The most important aspect of working with any digital camera is learning the
limitations of the camera and figuring out a workaround. It is crucial to test
the camera in a wide-variety of situations, learn what effect those situations
have on the images and then learn how to get what you want out of the image.
In order to get the best results from any low to midrange digital camera, you
must use some type of image editing software. I use Photoshop, but I
am sure most people don't want a $600 program for a $200 camera. One option
is that you could look for a version of Photoshop 5.0 LE (Limited Edition) bundled
with a scanner or purchase it separately on Ebay for around $50. For all of
the adjustments I have made with the images here, I could have used the LE version.
There are also a number of other image editing applications that can perform
the same changes. Check your hard drive, you may already have one.
Lighting - The biggest limitation I have found with the EyeModule2 is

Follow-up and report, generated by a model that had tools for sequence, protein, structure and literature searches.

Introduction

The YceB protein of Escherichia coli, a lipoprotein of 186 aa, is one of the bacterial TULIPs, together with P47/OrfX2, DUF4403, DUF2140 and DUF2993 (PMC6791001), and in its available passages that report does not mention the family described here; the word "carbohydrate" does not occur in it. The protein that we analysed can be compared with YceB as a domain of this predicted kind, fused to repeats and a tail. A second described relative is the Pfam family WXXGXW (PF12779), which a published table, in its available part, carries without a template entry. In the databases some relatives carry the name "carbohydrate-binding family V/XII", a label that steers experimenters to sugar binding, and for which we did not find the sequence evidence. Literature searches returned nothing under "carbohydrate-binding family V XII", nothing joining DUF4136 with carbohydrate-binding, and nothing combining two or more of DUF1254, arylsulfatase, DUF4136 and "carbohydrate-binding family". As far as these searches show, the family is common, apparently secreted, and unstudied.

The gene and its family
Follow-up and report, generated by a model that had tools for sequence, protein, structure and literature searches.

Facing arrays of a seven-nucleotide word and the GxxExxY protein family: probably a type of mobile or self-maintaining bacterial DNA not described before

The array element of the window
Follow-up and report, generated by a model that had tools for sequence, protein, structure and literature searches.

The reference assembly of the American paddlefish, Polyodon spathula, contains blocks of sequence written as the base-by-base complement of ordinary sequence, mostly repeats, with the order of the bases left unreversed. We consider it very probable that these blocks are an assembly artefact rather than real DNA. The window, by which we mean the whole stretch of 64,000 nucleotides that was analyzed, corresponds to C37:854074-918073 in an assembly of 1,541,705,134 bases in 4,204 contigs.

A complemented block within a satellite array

the fact that it takes poor images in low-light. If you really want the image
and the lighting is poor, you will find that there are three "contrast"
settings built into the camera (upper right hand corner of screen - Brighten,
Normal, and Darken). Set the camera to Brighten and be very still while taking
the shot. Later, you'll find that you can probably improve or rescue the image
Focal distance - Although the E2 is rated at 18" to infinity, you
will find that images in the far-off distance will not have much detail to them.
Unless you are taking a picture of something that is enormous (Shaq, for example),
you can expect images that are a considerable distance will lose quite a bit
of detail and seem to "run together." The fix for this is simple,
don't take the shot or get closer.
DON'T MOVE - the E2 threw me for a loop the first time
I used it. I figured that it would work exactly like the original, so I slid
it in, and started taking pictures. Not one of them turned out. Each one looked
distorted and blurry. With the original EyeModule you just point and click,
you instantly grab the shot. With the E2, there is a short delay between when
you press the capture button and when it takes the shot. Until the Visor asks
you if you want to save the image, for goodness sake don't move a muscle. Once
I figured this out, every shot I took came out perfect.
Take Three - If the lighting or other variables aren't
ideal, then I suggest you take at least three shots. I always take two shots
in case one doesn't turn out, plus if I am not sure about the lighting, I will
take another with a different contrast setting.
Fixing Images >>